Richmond snow geese cull inevitable: city
Published Monday, November 19, 2012 4:29PM PST
Last Updated Monday, November 19, 2012 7:28PM PST
A cull may be the only viable way to stop snow geese from ravaging farmers’ fields and polluting playgrounds in Richmond, according to one city councillor.
Experts say the snow goose population, which migrates annually from northern Siberia to the Fraser River delta, ballooned over the last few decades until peaking five years ago at 100,000 birds.
Coun. Harold Steves said the amount of droppings at district playgrounds can cause a potential health hazard, not to mention a costly cleanup, and there are few options available to tackle the problem.
“We’ve probably got two or three times as many snow geese as we should, because we don’t have enough natural habitat to feed them,” Steves said.
“We’ve destroyed our marshes, we’ve paved over farmland and we’re busy destroying more habitat and paving over more farmland.”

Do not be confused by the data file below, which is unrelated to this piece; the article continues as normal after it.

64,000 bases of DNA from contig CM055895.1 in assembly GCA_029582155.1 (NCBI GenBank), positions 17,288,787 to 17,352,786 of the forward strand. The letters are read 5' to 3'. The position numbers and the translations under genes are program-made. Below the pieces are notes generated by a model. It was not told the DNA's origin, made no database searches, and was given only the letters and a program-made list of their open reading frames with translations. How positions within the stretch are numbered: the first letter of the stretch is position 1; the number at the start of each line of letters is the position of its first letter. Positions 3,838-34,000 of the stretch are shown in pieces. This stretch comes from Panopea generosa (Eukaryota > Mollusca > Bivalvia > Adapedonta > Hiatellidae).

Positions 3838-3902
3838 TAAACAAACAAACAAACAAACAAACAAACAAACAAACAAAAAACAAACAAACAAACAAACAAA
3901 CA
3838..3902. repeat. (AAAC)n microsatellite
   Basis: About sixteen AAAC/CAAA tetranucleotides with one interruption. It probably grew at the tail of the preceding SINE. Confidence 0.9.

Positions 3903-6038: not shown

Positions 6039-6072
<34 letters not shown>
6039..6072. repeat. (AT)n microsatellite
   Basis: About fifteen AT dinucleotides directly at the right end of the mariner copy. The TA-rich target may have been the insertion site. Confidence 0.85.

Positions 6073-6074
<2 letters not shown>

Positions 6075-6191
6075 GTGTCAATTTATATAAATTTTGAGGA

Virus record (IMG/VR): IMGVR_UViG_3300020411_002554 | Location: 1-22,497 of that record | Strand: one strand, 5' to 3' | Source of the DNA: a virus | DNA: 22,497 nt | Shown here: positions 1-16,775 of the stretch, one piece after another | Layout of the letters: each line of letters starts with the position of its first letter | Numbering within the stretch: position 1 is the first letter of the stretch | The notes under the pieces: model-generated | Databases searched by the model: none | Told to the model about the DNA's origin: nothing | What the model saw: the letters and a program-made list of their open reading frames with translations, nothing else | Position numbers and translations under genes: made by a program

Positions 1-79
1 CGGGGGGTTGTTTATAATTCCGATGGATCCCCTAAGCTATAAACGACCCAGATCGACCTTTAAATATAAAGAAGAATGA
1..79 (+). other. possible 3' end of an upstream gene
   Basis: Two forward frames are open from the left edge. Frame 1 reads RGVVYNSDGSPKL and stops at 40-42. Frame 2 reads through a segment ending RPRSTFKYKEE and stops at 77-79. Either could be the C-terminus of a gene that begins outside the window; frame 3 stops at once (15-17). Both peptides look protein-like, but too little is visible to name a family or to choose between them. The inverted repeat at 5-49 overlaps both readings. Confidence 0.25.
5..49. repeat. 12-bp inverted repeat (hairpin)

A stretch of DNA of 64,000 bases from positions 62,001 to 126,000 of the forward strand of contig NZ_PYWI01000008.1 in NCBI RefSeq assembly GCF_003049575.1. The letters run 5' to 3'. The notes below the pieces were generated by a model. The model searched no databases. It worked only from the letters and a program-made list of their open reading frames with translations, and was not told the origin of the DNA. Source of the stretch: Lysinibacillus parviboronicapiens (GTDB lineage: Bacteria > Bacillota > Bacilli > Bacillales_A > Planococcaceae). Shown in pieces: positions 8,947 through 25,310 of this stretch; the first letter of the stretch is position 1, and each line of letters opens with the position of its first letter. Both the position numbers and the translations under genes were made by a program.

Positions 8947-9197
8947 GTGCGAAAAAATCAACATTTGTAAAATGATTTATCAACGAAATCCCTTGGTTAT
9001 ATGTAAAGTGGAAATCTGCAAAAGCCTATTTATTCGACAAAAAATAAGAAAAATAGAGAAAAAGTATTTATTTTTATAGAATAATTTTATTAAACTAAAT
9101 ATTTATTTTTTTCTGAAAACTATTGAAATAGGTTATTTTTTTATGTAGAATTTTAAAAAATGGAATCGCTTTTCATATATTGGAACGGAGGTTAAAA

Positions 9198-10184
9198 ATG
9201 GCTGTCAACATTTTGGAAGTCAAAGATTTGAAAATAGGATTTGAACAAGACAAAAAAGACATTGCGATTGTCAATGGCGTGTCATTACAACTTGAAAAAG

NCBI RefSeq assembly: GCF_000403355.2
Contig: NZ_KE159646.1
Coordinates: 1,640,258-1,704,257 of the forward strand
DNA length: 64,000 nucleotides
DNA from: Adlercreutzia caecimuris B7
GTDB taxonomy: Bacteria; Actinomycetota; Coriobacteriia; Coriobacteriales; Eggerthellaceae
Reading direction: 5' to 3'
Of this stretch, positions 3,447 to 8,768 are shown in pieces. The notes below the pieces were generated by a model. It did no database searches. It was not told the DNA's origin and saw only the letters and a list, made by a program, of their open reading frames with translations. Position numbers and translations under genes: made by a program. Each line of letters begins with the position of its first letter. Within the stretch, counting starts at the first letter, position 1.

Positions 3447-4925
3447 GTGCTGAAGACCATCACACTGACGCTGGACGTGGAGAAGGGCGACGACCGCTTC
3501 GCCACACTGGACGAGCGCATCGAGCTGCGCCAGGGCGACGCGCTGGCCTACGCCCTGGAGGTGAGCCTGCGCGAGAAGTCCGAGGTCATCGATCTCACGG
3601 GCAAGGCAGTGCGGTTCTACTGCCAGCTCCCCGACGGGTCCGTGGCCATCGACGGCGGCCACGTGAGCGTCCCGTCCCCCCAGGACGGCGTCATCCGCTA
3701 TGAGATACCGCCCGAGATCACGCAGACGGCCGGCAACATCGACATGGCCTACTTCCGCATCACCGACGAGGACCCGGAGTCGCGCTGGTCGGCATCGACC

Steves, who also chairs Richmond’s parks committee, said he’d like the city to pay farmers to divert the birds with cover crops over the winter, but calculated that it would cost taxpayers roughly $1 million per year.
The city already has a plan to train locals and their dogs to spook the birds away from parks daily.
“That way, if there’s somebody in every park and playground, presumably the birds will find nowhere to land and they’ll fly south,” Steves said.
The latest count pegged Richmond’s snow goose population at 70,000 birds, and David Bradbeer, program coordinator with the Delta Farmland and Wildlife Trust, said a cull would be very difficult to execute.
“These birds aren’t the easiest thing to kill en masse, which is probably a good thing,” Bradbeer said.
But he agreed that a solution is required to protect farmers’ bottom lines.
Some have already tried growing lower-value crops that offer less nutrition, or diverting the geese away from their hay with cover crops, but the strategies have varied success.
“It’s not totally protected because these birds are hungry and there’s thousands of them,” he said.
With a report from CTV British Columbia’s Maria Weisgarber